Did I dream that?

Laurence Fishburne: Perhaps you did. No, uh, it was great. Uh, you know, we were really fortunate to be able to get Raphael Saadiq onboard as our executive music producer. And Steve, you know, went above and beyond and was able to convince him in 30 seconds, uh, to join us. So you know, I’m slightly embarrassed about how badly I sound. Let’s just put it that way. I’m sorry I’ve been in your head so long.

Fred Tatasciore: It’s so great.

Steve Loter: And it’s a really great example of The Beyonder in action and the mercurial nature and stuff like that. Yeah, Laurence, he took that character to places we couldn’t even dream of. And it was an animators dream to be able to animate to all the peaks and valleys, the highs and lows that Laurence provided for The Beyonder. He’s one of my favorite characters, for sure.

Gary Anthony Williams: I do think you guys should not let it be rentfree in that dude’s head, though. Like, why not charge him, Laurence? Charge that guy every time he hums that song, it’s time – it’s time to go.

My question is for Laurence Fishburne and anyone in the cast. So talking about representation, is the nerd the new cool? Why do you think that now people need to see some more little girls as genius, as mathematic masters, and without the fear to be (inaudible) for that?

Laurence Fishburne: Yeah, well, I I’ve always thought that, um, it was smart to be cool. No. I’m sorry. I always thought it was cool to be smart.

Gary Anthony Williams: I like both. Go back to that other one.

Laurence Fishburne: Yeah. And it doesn’t matter what your gender, what your color, what your faith, what country you live in. I’ve always thought that it was really, really cool to be smart. Um, and I think it’s just, you know, important for us to have this kind of representation because you can’t be what you can’t see. So if more young girls of color get to see an experience of a person like Lunella, then perhaps, they won’t be afraid to show their intelligence and to lead with their intelligence, you know? I think it’s just a good thing to do.

What does it mean to each of you to be a part of a show that is so powerfully progressive and so just absolutely wonderful, in general?

Diamond White: Well, for me, it’s just I mean, we made history being Marvel’s first teenage Black girl superhero. So it’s important to see that kind of representation. I mean, like I said, it’s a show that I needed growing up and I feel like it really does make a difference. Like, like the show says, one girl can make a difference. This show is going to make a difference in a lot of people’s lives, so I’m just excited to be a part of it.



My question’s for Gary. Uh, a lot of superheroes, you know, only have, like, an uncle or an aunt or something like that. But Lunella has such a tight family unit. Was it fun to kinda play into that wholesome entire family dynamic?

Gary Anthony Williams: Aw, it’s the best. Um, and I know Libe and I have been working together all day, so she’s heard me say this a million times, but I grew up in a huge family. I have six sisters, two brothers, mom and dad and then my grandmother was always there. My cousins were always there.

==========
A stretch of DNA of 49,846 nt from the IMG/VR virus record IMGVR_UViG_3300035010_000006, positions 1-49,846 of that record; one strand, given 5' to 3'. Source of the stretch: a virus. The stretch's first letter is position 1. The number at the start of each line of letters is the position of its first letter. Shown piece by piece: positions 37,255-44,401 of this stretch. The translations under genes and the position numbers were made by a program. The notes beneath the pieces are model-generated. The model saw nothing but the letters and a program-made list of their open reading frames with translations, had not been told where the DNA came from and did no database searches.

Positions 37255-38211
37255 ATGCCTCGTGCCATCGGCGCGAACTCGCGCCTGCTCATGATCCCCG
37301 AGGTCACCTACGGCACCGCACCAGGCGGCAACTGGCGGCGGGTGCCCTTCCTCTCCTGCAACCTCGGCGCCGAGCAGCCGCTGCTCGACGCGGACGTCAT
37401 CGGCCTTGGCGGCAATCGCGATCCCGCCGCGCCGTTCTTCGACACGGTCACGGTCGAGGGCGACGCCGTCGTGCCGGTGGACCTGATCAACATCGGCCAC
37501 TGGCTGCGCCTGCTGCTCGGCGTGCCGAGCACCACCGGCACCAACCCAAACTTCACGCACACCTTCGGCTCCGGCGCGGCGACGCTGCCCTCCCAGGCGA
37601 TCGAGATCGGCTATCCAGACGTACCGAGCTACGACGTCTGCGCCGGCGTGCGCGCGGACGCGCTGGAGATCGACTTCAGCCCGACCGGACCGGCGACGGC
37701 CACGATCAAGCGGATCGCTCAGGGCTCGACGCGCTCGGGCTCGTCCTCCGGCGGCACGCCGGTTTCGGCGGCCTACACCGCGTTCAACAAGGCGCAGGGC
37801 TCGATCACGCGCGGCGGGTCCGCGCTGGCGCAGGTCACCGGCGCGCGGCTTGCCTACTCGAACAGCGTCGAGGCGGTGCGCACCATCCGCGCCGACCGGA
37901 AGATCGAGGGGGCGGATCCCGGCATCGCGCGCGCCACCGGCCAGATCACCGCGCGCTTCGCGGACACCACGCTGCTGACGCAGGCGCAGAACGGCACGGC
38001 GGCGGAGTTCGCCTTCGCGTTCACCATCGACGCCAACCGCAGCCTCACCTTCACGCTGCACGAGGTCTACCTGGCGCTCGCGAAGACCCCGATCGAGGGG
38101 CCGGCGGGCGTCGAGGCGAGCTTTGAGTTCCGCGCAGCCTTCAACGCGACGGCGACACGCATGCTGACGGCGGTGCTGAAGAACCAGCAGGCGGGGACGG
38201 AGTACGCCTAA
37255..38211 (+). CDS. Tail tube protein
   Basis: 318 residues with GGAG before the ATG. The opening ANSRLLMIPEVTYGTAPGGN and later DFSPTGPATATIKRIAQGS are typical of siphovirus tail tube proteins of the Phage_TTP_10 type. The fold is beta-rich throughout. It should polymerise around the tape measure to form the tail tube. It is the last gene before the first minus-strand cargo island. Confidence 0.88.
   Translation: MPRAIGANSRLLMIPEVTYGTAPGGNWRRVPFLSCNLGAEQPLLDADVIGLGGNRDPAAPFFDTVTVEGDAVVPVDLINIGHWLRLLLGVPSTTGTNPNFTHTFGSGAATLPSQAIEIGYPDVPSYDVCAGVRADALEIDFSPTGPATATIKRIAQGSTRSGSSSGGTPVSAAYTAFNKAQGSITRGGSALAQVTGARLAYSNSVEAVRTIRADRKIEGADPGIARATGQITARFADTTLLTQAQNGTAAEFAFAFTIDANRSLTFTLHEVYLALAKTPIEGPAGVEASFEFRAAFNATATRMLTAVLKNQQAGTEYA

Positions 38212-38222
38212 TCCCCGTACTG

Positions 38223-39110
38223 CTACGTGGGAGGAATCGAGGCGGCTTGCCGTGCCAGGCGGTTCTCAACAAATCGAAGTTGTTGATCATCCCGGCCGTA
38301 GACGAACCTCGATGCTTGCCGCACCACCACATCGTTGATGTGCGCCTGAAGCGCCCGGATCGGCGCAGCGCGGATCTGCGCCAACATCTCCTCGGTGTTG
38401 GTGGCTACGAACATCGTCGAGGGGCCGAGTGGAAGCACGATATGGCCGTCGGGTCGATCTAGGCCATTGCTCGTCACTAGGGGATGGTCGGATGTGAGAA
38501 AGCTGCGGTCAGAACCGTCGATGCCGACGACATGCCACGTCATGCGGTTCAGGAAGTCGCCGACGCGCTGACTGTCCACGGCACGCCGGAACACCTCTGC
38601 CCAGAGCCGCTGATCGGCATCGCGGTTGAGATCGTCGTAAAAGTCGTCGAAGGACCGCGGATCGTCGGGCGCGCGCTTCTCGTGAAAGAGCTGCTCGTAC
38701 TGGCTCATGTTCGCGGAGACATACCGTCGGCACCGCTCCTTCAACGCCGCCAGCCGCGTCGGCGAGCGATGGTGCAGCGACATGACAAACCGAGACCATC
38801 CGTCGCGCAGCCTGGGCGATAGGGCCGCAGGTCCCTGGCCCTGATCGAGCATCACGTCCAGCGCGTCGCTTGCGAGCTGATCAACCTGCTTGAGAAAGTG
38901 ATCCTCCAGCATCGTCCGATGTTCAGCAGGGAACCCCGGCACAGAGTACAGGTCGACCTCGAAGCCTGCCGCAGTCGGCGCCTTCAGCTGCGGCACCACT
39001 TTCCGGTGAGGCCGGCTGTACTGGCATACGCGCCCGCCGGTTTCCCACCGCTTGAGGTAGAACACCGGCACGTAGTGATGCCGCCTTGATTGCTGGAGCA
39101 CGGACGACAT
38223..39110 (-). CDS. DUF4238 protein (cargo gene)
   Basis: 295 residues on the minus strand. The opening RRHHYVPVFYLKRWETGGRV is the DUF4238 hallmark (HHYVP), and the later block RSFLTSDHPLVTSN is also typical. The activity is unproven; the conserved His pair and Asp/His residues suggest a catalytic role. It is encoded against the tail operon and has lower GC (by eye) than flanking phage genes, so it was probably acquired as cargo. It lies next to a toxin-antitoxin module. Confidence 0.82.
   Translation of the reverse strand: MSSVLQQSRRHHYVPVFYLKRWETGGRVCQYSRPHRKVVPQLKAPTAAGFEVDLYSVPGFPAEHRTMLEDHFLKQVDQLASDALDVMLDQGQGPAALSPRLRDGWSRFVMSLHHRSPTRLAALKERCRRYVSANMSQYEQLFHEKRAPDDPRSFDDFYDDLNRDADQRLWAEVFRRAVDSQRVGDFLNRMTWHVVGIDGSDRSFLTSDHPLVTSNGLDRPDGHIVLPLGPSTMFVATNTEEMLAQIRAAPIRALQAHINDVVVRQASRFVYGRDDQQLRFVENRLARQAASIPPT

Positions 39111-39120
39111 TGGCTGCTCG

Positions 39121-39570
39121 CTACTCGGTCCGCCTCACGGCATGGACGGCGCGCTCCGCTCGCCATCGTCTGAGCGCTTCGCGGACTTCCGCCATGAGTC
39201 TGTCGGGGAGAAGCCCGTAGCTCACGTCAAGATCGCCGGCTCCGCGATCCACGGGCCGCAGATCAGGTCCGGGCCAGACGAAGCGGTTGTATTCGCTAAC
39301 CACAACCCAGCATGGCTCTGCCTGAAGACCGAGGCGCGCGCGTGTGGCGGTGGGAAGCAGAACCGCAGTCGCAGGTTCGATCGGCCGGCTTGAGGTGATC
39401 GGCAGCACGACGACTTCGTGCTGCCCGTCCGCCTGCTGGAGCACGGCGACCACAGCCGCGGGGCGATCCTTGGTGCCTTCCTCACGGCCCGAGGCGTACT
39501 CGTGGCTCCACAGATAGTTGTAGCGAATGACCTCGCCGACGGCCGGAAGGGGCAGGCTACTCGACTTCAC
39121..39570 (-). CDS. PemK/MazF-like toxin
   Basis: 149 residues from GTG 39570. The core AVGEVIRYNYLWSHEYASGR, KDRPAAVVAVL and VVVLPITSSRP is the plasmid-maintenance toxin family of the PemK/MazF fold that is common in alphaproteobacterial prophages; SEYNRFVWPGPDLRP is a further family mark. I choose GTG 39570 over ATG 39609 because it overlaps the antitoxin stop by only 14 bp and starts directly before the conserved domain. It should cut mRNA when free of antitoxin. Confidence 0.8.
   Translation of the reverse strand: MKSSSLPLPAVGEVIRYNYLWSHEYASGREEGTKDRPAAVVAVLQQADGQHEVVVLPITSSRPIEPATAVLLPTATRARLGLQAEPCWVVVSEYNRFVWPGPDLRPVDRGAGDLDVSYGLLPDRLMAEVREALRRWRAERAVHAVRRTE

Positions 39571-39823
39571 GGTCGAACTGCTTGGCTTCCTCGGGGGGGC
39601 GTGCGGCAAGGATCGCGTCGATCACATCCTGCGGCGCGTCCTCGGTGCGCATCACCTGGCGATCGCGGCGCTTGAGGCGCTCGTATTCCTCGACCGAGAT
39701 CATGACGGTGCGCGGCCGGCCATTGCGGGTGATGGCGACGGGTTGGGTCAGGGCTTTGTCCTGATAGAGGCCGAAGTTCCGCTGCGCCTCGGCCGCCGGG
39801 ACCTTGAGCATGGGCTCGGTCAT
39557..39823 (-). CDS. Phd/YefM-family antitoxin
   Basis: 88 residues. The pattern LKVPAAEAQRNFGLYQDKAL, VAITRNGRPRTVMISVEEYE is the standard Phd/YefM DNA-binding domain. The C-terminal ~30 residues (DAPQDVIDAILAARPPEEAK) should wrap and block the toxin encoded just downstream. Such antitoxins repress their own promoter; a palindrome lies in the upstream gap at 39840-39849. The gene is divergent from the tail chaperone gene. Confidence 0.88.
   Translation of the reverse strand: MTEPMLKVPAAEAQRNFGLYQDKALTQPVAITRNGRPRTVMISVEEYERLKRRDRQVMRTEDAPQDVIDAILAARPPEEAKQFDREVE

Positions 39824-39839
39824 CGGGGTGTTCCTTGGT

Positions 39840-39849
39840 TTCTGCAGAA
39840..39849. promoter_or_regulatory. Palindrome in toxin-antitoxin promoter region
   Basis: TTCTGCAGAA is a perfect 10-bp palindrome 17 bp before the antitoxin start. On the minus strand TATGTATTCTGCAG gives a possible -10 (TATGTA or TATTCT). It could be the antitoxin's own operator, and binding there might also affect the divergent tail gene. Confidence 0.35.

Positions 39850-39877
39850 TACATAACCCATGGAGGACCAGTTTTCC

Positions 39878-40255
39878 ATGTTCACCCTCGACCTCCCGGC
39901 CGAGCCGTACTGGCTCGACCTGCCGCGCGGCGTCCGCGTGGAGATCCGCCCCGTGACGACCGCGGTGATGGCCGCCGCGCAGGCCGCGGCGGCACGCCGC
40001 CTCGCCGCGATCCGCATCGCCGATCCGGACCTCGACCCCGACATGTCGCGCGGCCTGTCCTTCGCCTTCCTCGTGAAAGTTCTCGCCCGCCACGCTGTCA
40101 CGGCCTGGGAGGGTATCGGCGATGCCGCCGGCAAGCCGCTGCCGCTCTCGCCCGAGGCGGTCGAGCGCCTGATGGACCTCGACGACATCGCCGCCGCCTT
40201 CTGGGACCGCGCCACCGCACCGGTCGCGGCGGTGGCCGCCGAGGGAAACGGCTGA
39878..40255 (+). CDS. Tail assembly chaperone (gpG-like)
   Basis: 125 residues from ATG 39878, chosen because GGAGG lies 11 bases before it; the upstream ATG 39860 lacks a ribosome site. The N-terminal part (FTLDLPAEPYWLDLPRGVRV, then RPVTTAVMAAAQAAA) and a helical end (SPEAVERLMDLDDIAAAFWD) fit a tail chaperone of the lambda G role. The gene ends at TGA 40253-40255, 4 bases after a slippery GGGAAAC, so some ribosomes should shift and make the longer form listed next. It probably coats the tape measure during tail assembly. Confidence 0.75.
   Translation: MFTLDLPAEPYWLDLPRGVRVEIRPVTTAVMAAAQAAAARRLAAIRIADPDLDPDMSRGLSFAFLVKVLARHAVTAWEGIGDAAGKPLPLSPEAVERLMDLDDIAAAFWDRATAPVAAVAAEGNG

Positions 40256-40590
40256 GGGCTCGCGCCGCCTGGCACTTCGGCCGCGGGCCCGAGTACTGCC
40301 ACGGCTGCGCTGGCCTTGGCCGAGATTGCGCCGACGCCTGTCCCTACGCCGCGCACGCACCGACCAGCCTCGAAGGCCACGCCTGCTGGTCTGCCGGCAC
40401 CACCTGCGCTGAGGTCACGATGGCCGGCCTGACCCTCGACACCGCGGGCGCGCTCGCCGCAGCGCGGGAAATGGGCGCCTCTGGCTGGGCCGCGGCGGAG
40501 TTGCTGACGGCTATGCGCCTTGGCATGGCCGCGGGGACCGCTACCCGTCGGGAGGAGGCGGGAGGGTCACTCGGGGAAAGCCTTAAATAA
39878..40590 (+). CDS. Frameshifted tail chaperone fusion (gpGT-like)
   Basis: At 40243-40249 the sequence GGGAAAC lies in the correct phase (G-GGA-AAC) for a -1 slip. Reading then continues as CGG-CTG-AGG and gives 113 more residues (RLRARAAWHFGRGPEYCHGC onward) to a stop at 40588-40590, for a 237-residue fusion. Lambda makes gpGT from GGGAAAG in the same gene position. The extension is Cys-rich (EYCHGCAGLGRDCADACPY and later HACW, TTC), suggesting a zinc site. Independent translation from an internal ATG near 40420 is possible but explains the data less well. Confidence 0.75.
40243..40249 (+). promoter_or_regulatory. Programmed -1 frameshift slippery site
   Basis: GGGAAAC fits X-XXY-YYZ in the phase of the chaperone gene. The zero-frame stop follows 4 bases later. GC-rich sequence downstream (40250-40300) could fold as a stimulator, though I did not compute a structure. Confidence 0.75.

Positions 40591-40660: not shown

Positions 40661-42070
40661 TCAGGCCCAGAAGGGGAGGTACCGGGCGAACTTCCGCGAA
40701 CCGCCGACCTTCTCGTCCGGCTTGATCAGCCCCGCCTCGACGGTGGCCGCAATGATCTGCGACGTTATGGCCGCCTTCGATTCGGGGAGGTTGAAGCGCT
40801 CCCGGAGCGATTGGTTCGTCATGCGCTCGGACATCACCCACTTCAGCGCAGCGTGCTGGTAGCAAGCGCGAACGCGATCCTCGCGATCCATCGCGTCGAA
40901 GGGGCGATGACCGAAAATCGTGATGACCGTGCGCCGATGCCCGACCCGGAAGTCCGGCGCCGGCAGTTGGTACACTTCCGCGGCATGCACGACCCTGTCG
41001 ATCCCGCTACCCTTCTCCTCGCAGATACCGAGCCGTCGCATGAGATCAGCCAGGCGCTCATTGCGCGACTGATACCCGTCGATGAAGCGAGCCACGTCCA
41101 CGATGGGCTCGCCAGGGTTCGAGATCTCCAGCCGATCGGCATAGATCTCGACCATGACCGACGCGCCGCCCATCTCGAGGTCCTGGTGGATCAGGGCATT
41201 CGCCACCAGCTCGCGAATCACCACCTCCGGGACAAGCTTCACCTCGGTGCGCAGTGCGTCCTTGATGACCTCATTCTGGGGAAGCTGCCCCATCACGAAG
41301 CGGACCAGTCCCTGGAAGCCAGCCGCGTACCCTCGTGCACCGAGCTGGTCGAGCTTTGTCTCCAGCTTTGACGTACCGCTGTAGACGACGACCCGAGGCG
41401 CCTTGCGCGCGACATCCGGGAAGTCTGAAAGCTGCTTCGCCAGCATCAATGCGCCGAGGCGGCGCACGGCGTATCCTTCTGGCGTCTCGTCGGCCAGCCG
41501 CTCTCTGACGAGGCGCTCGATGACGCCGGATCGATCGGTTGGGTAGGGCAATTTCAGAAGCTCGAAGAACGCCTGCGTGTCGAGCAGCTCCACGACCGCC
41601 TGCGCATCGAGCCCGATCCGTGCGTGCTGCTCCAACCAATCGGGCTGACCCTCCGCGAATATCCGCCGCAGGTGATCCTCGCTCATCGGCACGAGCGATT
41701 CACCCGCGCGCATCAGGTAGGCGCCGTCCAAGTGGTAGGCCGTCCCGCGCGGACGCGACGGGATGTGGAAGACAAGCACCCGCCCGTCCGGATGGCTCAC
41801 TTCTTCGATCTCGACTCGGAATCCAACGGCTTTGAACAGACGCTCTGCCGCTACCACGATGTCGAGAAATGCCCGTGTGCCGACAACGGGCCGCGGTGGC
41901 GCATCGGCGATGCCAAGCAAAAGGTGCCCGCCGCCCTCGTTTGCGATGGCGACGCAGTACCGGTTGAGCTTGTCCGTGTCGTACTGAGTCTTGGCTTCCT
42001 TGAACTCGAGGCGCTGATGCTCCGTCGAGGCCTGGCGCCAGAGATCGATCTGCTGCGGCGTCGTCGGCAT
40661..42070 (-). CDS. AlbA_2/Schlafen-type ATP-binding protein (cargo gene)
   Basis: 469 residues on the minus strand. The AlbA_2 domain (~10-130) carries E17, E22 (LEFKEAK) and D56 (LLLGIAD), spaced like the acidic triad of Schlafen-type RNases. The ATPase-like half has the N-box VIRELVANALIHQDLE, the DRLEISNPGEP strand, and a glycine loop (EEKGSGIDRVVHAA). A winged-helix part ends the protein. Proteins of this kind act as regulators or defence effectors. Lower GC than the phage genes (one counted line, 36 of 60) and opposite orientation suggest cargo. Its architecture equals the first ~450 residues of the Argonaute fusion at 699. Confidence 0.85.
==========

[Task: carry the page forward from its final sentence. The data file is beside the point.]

So to get to show that whole family unit, literally the way that I grew up, except for down South, to get to be a part of that and that heart and love that comes from my character, Pops, who’s Lunella’s granddad and also just a huge fan of Moon Girl, even though he doesn’t know it’s the same person, that means everything to me.

Like that rock there for his family, that true love that he has for his family and also, the community. That skate rink that he owns could he could have sold that out but he kept it for the community there, soit’s such a cool part to play. And I’m glad that I leg wrestle Laurence Fishburne in one oh, by the way, if anybody wants to audition, you have to leg wrestle Laurence Fishburne and he is not an easy win.

[Comment from media outlet] I noticed all the trans flags on Indya Moore’s I think Jennifer was the character water bottle. And as a trans writer, I really appreciated that. We need more rep.

There were a lot of great Marvel Easter eggs in the series, can you share what your favorite was? Mine was personally the reference to Battleworld.

Steve Loter: I always like to say complementary to the MCU because

Laurence Fishburne: Yes.

Steve Loter: …there’s a couple of you’ll see a couple of MCU characters in the film, in the show. But also you’ll see that some of the characters we have in there are really deep cuts in Marvel Comics, like you really gotta kinda dive into to actually find. Like, oh my gosh, they used this character from this run of one comic in the 70s.

We love doing that, um, because we always find the right character to fit the right thematic element for that episode. There’s a lot of easter eggs, um, not just in backgrounds like you noticed, they’re all over the place, even in some dialogue, in some other places. Just stay tuned. Make a list, um, ‘cause yeah, yeah, there’s quite a few, ’cause we’re big fans, too.

Big thanks to Marvel, Disney, and the Cast & Creators of Moon Girl and Devil Dinosaur for this wonderful, enlightening interview.

Make sure to check out Moon Girl and Devil Dinosaur when it debuts February 10th, 2023 on the Disney Channel followed by Disney+.